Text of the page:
4.6 Wildfires

Climate change is projected to increase the frequency and intensity of large wildfires (Figure 4.4), with associated health risks projected to increase in many regions.1,2 Wildfire can have health impacts well beyond the perimeter of the fire. Populations near the fire or even thousands of miles downwind may be exposed to a complex smoke mixture containing various substances including carbon monoxide, ozone, toxic chemicals, and both fine and coarse particles,3,4 presenting a serious health risk for the exposed populations (see Ch. 3: Air Quality Impacts).5,6 For example, the 2002 forest fires in Quebec resulted in up to a 30-fold increase in airborne fine particulate concentrations in Baltimore, Maryland, a city nearly 1,000 miles downwind.1 Exposure times can range from a few days to several weeks.3,7,8


Figure 4.4: Projected Increases in Very Large Fires

Figure 4.4:  Projected Increases in Very Large Fires
Based on 17 climate model simulations for the continental United States using a higher emissions pathway (RCP8.5), the map shows projected percentage increases in weeks with risk of very large fires by mid-century (2041-2070) compared to the recent past (1971-2000). The darkest shades of red indicated that up to a 6-fold increase in risk is projected for parts of the West. This area includes the Great Basin, Northern Rockies, and parts of Northern California. Gray represents areas within the continental United States where there is either no data or insufficient historical observations on very large fires to build robust models. The potential for very large fire events is also expected to increase along the southern coastline and in areas around the Great Lakes. (Figure source: adapted from Barbero et al. 2015 by NOAA)50

Exposure to smoke-related air pollutants from wildfires has been associated with a wide range of human health effects, including early deaths and low infant birth weight, with the strongest evidence for acute respiratory illness.3,4,9,10,11,12,13 Inhalation of smoke from wildfire has been linked to exacerbated respiratory problems, such as shortness of breath, asthma, and chronic obstructive pulmonary disease (COPD).12,14,15,16 While the association between smoke exposure and cardiovascular outcomes is uncertain,12 exposure to fine particles contributes to risk of cardiovascular disease and premature death.17,18,19,20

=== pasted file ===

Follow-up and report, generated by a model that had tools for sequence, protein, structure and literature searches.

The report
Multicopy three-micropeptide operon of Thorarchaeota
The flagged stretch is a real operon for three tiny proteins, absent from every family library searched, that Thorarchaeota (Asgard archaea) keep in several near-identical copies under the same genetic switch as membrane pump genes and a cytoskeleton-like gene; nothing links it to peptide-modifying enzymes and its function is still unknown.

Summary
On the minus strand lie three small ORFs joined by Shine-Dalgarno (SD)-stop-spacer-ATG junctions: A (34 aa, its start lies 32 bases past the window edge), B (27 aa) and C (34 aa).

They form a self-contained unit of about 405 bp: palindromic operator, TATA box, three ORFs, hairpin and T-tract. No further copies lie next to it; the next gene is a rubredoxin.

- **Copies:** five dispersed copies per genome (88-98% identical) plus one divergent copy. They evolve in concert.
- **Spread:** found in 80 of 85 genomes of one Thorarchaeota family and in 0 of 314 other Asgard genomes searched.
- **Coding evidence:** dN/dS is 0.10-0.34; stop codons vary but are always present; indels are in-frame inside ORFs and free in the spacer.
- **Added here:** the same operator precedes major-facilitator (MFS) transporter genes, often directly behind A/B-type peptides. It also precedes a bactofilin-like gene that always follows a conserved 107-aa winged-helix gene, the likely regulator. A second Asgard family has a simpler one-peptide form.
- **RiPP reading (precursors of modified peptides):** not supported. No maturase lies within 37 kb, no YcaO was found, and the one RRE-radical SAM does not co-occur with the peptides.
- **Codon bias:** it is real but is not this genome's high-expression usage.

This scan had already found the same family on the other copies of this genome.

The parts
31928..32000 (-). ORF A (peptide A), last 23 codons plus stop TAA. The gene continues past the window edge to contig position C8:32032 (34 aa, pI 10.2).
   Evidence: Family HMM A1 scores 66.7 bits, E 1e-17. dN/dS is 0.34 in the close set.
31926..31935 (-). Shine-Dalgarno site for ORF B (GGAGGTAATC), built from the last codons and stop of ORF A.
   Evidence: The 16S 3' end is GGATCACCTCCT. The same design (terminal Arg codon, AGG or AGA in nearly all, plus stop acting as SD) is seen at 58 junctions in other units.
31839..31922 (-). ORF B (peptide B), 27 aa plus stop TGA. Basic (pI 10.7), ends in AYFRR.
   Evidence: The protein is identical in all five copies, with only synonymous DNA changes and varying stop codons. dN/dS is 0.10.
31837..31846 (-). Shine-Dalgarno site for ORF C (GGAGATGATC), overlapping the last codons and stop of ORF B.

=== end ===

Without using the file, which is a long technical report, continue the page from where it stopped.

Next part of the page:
Firefighters battling fire

Exposure to smoke-related air pollutants from wildfires has been associated with a wide range of human health effects.

Wildfires can also affect indoor air quality for those living near affected areas by increasing particulate matter concentrations within homes, leading to many of the adverse health impacts already discussed.7,21 For example, during the 2007 San Diego wildfires, health monitoring showed excess emergency room visits for asthma, respiratory problems, chest pain, and COPD. During times of peak fire particulate matter concentrations, the odds of a person seeking emergency care increased by 50% when compared to non-fire conditions.22 Smoke from wildfires can also impair driving visibility, increasing risks of motor vehicle deaths and injuries.23,24,25,26

Pregnant women, children, and the elderly are more sensitive to the harmful health effects of wildfire smoke exposure (see also Ch. 9: Populations of Concern).27,14,28,29 Firefighters are exposed to significantly higher levels and longer periods of exposure to combustion products from fires, leading to health risks that include decreased lung function, inflammation, and respiratory system problems, as well as injuries from burns and falling trees.3,28,30,31,32,33

Wildfires can also create an increased burden on the health care system and public health infrastructure. For example, wildfires near populated areas often necessitate large evacuations, requiring extensive public health resources, including shelter, and treatment of individuals for injuries, smoke inhalation, and mental health impacts.34,25,35,36 Housing development in or near the wildland–urban interface has expanded over the last several decades and is expected to continue to expand.37 These changing development patterns in combination with a changing climate are increasing the vulnerability of these areas to wildfires.38,39,40

Following wildfire, increased soil erosion rates and changes to runoff generation may contaminate water-supply reservoirs and disrupt downstream drinking water supplies.41,42 Post-wildfire erosion and runoff has been linked to increased flooding and debris flow hazards, depending on the severity of the fire, seasonal rainfall patterns, watershed characteristics, and the size of the burn area.43,44,45,46 Wildfires have a range of short- and long-term effects on watersheds that have the potential to change water quality, quantity, availability, and treatability downstream from the burned area.47,48,49


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